For the consumer organization, it is especially serious that there may be offices that do not even offer a cashier service. This is the case, for example, of the Store branches of Caixabank. In 2020, FACUA denounced the Catalan entity for not allowing users with basic payment accounts to withdraw cash at its 600 Store offices, considering that it should offer this service beyond ATMs to vulnerable customers.

In one of these offices visited by, customers asked how to pay bills or enter money, to which a patient but tired employee responded the same: “We don’t have a box here, go to the teller or to another office.”

The bank defends itself and ensures that the problem of exclusion due to digitization it is not exclusive to the banking sector, nor is it more severe in it than in other sectorsbut rather “on the contrary”, according to what the president of the Spanish Banking Association, José María Roldán, pointed out on Wednesday.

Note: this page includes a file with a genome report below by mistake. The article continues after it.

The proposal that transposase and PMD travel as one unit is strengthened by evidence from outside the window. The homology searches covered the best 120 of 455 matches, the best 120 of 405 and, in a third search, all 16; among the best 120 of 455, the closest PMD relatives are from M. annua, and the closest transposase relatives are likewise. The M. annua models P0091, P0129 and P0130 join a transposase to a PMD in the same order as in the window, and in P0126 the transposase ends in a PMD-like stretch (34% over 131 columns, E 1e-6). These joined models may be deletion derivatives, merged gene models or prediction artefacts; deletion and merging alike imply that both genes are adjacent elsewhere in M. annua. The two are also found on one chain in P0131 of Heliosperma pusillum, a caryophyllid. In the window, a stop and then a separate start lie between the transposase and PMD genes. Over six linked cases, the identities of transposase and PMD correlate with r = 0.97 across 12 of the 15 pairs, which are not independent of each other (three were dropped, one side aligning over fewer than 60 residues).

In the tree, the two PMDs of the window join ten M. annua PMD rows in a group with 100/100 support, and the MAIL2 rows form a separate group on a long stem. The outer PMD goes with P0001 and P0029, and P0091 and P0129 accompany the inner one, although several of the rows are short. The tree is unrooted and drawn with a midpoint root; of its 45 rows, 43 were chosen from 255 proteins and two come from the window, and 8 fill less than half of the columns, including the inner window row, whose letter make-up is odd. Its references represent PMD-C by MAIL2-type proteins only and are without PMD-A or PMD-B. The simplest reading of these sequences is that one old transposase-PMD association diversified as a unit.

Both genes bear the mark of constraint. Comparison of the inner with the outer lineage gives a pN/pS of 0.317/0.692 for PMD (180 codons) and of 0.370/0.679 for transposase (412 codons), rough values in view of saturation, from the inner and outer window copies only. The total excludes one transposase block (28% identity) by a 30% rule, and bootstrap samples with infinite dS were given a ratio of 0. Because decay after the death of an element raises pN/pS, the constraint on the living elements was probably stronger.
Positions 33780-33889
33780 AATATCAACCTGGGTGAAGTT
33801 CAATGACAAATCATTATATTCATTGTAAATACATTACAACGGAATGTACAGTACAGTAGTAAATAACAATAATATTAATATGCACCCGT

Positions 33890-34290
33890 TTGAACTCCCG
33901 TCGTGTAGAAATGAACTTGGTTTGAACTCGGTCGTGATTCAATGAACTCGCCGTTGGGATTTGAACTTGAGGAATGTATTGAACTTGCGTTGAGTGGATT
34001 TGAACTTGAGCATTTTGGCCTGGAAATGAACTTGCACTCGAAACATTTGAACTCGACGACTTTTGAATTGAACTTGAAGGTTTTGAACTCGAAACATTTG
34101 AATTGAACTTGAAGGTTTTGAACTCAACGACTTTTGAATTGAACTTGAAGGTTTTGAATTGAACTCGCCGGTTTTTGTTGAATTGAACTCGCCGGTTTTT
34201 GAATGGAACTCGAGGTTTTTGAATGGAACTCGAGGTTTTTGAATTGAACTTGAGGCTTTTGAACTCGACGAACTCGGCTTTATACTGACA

Eugenia resignedly admits that her problem is not limited to the banks. “The same thing happens to us in social security, but also in family. I understand that dealing with older people is not easy, but we feel humiliated”the Mint.

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George Holan

George Holan is chief editor at Plainsmen Post and has articles published in many notable publications in the last decade.